Some Evidence on Iraq Called Fake
U.N. Nuclear Inspector Says Documents on Purchases Were Forged
By Joby Warrick
Washington Post Staff Writer
Saturday, March 8, 2003; Page A01
A key piece of evidence linking Iraq to a nuclear weapons program appears to have been fabricated, the United Nations' chief nuclear inspector said yesterday in a report that called into question U.S. and British claims about Iraq's secret nuclear ambitions.
Documents that purportedly showed Iraqi officials shopping for uranium in Africa two years ago were deemed "not authentic" after careful scrutiny by U.N. and independent experts, Mohamed ElBaradei, director general of the International Atomic Energy Agency (IAEA), told the U.N. Security Council.
ElBaradei also rejected a key Bush administration claim -- made twice by the president in major speeches and repeated by Secretary of State Colin L. Powell yesterday -- that Iraq had tried to purchase high-strength aluminum tubes to use in centrifuges for uranium enrichment. Also, ElBaradei reported finding no evidence of banned weapons or nuclear material in an extensive sweep of Iraq using advanced radiation detectors.
"There is no indication of resumed nuclear activities," ElBaradei said.
Knowledgeable sources familiar with the forgery investigation described the faked evidence as a series of letters between Iraqi agents and officials in the central African nation of Niger. The documents had been given to the U.N. inspectors by Britain and reviewed extensively by U.S. intelligence. The forgers had made relatively crude errors that eventually gave them away -- including names and titles that did not match up with the individuals who held office at the time the letters were purportedly written, the officials said.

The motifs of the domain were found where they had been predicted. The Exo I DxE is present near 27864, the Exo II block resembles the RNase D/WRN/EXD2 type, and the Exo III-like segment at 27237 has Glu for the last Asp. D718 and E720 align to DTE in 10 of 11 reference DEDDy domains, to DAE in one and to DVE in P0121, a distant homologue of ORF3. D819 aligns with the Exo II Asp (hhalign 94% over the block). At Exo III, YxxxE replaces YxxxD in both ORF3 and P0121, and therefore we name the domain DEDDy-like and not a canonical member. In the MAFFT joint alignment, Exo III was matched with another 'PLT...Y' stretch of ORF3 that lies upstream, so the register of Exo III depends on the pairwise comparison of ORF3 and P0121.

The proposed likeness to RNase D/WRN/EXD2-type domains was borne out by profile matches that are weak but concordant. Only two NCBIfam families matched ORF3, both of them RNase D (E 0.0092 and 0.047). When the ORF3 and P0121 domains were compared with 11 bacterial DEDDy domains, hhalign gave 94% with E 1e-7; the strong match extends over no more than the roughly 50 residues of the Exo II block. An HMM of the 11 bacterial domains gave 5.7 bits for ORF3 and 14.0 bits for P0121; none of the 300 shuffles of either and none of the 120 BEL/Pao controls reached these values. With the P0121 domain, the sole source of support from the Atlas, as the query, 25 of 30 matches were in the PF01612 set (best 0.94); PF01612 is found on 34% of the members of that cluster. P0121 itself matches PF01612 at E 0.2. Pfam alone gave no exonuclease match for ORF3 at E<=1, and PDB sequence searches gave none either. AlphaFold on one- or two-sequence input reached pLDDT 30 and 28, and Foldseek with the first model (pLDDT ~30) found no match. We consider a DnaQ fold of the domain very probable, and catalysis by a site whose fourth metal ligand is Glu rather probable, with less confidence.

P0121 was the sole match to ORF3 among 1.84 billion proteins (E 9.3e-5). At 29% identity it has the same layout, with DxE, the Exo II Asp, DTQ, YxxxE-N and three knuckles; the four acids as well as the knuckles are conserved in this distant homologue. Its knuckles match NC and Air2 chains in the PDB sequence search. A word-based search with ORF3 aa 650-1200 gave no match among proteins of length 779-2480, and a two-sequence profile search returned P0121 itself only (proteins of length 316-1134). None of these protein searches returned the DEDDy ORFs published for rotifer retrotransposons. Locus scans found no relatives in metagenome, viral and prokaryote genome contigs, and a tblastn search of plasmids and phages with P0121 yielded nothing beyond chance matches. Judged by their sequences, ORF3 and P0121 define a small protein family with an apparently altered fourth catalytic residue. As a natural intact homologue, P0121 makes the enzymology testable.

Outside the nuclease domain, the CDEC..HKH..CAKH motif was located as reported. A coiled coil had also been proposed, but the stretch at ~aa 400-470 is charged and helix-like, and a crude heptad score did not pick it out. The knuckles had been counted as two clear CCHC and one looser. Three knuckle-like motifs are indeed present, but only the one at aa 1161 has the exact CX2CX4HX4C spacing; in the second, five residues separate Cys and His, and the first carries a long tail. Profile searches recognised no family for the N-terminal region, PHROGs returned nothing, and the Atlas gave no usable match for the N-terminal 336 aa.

"We fell for it," said one U.S. official who reviewed the documents.
A spokesman for the IAEA said the agency did not blame either Britain or the United States for the forgery. The documents "were shared with us in good faith," he said.
The discovery was a further setback to U.S. and British efforts to convince reluctant U.N. Security Council members of the urgency of the threat posed by Iraq's weapons of mass destruction. Powell, in his statement to the Security Council Friday, acknowledged ElBaradei's findings but also cited "new information" suggesting that Iraq continues to try to get nuclear weapons components.
"It is not time to close the book on these tubes," a senior State Department official said, adding that Iraq was prohibited from importing sensitive parts, such as tubes, regardless of their planned use.
Iraqi President Saddam Hussein pursued an ambitious nuclear agenda throughout the 1970s and 1980s and launched a crash program to build a bomb in 1990 following his invasion of neighboring Kuwait. But Iraq's nuclear infrastructure was heavily damaged by allied bombing in 1991, and the country's known stocks of nuclear fuel and equipment were removed or destroyed during the U.N. inspections after the war.